Spontaneous coronary artery dissection (SCAD) accounts approximately for 0.2% of cases of acute coronary syndrome. It is defined "spontaneous" in absence of any coronary wall damage. This disease affects primarily young women in good health, with no risk factors for coronary artery disease, especially during the postpartum period. Since the clinical presentation varies widely from no symptoms to typical angina and sudden cardiac death, SCAD incidence is underestimated. A 40-year-old woman, in the 8th week after delivery was admitted to our emergency department because of acute chest pain, and a diagnosis of inferior and posterior non-ST-elevation myocardial infarction was made. Emergency coronary angiography showed a small SCAD of the distal segment of a little marginal branch. Because of the small dimension of the dissection, optimal medical therapy was started. However, two days later, symptoms recurred and the ECG showed an anterior ST-elevation myocardial infarction. The patient was therefore transferred to the cath lab and coronary angiography showed extensive dissection of the left anterior descending coronary artery with good angiographic result. Percutaneous coronary intervention was performed and three drug-eluting stents were implanted. No retrospective studies or randomized clinical trials are available to guide the best treatment option in patients with SCAD, because of the wide variety of clinical presentation and the rarity of the pathology. Early and correct diagnosis of SCAD is key for adequate management. First, the site and precise quantification of lesion severity should be assessed with multiple angiographic projections. Intravascular ultrasound and optical coherence tomography can provide additional information about the entry point of the lesion. Hemodynamic status and extension of the myocardium at risk should be also evaluated to determine the best therapeutic strategy. Since the presence of SCAD may be associated with aneurysm formation and dissections of other arteries, screening of the arterial tree may be useful, especially of the supra-aortic trunks and splanchnic circulation.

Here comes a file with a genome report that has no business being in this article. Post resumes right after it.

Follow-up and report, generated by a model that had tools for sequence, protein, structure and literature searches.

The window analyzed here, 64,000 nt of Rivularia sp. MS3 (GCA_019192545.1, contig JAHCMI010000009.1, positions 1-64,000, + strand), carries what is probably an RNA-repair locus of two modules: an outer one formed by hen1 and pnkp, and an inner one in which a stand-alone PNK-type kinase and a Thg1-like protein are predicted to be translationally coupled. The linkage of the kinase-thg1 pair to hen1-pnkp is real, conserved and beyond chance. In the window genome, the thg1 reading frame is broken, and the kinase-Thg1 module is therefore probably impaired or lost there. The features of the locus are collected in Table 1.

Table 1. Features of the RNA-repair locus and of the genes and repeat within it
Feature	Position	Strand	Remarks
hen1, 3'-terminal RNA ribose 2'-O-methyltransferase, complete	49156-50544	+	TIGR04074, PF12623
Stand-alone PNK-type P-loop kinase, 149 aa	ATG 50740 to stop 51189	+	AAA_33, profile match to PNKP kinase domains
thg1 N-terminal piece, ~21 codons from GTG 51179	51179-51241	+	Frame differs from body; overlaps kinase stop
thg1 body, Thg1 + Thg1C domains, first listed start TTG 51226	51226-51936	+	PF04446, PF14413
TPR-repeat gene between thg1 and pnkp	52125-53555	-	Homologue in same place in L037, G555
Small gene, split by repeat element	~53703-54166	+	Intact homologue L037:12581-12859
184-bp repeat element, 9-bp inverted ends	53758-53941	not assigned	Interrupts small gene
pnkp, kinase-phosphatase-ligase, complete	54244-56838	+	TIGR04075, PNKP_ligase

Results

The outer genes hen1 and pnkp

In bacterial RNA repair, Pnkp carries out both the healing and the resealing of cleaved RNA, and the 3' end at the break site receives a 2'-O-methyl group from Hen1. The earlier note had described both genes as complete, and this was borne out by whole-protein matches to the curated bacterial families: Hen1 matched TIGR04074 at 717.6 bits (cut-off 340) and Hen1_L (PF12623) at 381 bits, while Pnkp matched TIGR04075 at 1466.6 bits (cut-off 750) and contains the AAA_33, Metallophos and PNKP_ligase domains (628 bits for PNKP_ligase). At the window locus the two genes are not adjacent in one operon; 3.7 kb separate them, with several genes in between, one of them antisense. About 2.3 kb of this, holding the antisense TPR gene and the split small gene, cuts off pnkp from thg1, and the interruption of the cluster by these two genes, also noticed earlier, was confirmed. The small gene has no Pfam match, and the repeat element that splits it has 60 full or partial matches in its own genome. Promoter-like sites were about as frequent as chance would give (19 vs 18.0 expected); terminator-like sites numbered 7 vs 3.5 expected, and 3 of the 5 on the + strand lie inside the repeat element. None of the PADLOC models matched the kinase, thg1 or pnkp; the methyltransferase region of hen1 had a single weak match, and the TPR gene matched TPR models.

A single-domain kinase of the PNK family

ASJC Scopus subject areas
- Cardiology and Cardiovascular Medicine